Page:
The test’s glasses and blind spots – seen through the confession and experience of a tester. (more…)
Written by Bente Prytz Mjølstad
(#3 of the Whole Person reflections series)
Have you ever thought about whether your regular GP knows more about you than your blood pressure or cholesterol levels? If so, might such knowledge be of any medical relevance?
Most of us visit our regular GP once or twice a year for more or less trivial complaints, and you are probably most interested in the GPs medical skills, and not so concerned about whether the doctor knows you as person or not. However, if you got seriously ill or had a chronic illness, would it still not matter? (more…)
When discussing the potentials and limitations of “Evidence Based Medicine”, it might be reasonable to begin by examining the premises inherent in the concept. It might be wise to question, for example, whether the use of the word “Evidence” in this model represents an improper appropriation of the term, as if it had a single, specific meaning. One might object: “What is evident? Well, that depends.” (more…)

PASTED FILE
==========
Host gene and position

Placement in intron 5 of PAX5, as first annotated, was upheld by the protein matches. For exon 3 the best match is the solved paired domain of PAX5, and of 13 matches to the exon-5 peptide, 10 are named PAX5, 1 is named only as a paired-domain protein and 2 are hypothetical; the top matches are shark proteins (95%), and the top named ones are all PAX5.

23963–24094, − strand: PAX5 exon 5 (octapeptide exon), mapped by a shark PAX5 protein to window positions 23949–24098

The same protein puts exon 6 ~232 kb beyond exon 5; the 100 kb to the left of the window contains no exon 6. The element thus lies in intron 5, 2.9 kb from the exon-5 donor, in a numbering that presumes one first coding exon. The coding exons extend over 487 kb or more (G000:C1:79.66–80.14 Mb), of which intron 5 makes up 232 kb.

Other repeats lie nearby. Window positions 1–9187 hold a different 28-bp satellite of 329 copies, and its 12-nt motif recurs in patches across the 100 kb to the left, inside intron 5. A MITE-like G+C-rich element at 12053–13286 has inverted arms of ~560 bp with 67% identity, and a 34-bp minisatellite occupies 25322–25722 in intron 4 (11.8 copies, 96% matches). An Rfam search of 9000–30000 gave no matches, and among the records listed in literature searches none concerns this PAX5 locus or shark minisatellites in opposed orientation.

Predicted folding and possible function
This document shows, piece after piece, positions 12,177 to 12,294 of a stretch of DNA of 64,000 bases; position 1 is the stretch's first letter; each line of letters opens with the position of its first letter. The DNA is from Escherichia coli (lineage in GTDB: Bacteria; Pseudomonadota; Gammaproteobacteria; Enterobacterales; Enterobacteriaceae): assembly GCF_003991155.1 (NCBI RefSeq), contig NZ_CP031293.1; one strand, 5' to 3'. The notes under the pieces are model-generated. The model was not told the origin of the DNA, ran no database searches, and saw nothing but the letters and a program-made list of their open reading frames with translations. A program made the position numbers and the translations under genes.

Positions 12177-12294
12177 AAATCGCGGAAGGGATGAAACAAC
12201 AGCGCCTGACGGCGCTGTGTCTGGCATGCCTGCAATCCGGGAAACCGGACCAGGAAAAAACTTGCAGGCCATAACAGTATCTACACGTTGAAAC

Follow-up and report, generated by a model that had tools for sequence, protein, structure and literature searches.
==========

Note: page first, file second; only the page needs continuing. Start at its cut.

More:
By Roger Kerry
How and why has this philosophy project got itself so involved with physiotherapy? The background to the CauseHealth project is essentially that the world of health care is not straightforward, and indeed is characterised by complexity and context-sensitivity. Physiotherapy is a profession where these characteristics are easily visible, and so serves as a great ‘testing ground’ for the philosophical work being done by CauseHealth. This in turn helps the project better understand its ideas. In doing this, physiotherapy itself gets a deep and critical understanding of the job it does, and of the scientific research which informs it. We are now symbiotic! (more…)